Learn more
Young children that are not in school are the most vulnerable
Preventing child labour
IKEA has worked with Save the Children and UNICEF for over a decade. We have donated €60 million since 2000 to fight the root causes of child labour in India and Pakistan. Together we will reach 16 million children by 2017.

Learn more
A young boy at a refugee camp
A better life for refugee children
Every year, millions of children lose almost everything during natural disasters and social conflicts. IKEA Foundation is supporting the UN Refugee Agency with €73 million to provide shelter, care and education to refugee families in Ethiopia, Sudan and Bangladesh.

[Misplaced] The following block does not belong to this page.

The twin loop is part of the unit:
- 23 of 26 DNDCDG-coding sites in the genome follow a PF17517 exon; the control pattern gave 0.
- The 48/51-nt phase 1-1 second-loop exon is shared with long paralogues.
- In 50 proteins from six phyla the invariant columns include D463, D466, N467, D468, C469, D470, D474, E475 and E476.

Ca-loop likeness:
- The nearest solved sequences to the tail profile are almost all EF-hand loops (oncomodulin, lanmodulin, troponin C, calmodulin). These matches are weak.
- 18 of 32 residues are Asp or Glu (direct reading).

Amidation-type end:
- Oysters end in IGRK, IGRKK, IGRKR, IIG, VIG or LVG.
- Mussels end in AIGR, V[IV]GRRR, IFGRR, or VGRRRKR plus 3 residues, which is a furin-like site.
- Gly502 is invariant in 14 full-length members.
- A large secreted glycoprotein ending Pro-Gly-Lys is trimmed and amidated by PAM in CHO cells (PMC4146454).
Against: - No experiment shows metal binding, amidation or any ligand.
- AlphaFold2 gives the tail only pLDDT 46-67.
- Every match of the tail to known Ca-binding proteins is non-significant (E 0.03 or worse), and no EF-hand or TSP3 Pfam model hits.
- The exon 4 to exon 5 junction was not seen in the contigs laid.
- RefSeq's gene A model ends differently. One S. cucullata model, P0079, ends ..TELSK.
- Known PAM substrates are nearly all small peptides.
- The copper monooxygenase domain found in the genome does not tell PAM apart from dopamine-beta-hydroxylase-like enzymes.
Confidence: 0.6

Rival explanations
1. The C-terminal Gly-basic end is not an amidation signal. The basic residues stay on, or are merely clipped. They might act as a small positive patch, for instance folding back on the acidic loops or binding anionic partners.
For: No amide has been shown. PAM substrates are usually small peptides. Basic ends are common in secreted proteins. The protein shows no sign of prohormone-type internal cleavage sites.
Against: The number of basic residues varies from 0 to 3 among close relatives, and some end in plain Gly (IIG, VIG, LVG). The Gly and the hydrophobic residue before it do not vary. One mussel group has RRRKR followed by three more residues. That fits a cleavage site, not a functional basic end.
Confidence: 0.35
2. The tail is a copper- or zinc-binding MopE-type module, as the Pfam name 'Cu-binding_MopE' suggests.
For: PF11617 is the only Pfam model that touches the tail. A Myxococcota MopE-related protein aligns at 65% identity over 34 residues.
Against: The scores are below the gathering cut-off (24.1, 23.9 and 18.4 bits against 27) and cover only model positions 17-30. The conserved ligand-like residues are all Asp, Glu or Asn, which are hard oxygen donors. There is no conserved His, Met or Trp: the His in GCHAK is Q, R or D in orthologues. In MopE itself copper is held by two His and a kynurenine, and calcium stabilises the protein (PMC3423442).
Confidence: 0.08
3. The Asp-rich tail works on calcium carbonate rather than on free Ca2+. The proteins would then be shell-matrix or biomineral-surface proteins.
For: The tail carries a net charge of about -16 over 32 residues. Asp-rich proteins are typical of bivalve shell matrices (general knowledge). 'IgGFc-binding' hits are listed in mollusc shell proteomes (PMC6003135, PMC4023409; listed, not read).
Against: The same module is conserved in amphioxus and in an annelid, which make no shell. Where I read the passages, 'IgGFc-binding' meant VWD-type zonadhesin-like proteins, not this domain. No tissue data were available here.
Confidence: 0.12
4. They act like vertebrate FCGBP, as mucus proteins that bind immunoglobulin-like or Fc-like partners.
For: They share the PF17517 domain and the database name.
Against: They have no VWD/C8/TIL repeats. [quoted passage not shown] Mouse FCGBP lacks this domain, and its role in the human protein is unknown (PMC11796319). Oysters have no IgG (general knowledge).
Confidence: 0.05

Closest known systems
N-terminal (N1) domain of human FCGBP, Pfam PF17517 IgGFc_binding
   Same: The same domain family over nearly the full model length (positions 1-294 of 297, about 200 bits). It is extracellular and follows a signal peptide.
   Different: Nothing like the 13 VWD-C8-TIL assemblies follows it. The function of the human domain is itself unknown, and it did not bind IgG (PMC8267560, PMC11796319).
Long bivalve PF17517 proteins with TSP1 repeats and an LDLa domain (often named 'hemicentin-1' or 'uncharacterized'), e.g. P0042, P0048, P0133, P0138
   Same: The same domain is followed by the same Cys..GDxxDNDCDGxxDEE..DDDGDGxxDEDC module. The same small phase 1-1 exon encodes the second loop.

Learn more
PEOPLE & COMMUNITIES: IKEA FOUNDATION | GOOD CAUSES | SUPPLIERS | HUMAN RIGHTS
GOOD CAUSE CAMPAIGNS
Join the play movement!
Play is a universal language that unites us all, no matter where you come from. When people play together they connect, learn, grow and have fun.
We know play is an essential component of children’s wellbeing and development. Play is learning for life. So it makes sense that we want to help find ways to play more!
We understand that play isn’t something you can just talk about. You have to experience it. We also know that a lack of safe places to play is a big inhibitor of play worldwide. That’s why during the IKEA Let’s Play for Change campaign, we’re turning IKEA stores worldwide into giant play zones and inviting everyone to come and play with us.
Read the IKEA Play Report 2017
Let’s Play for Change campaign graphics – cubes with childish patterns in different colours.
Play is a basic need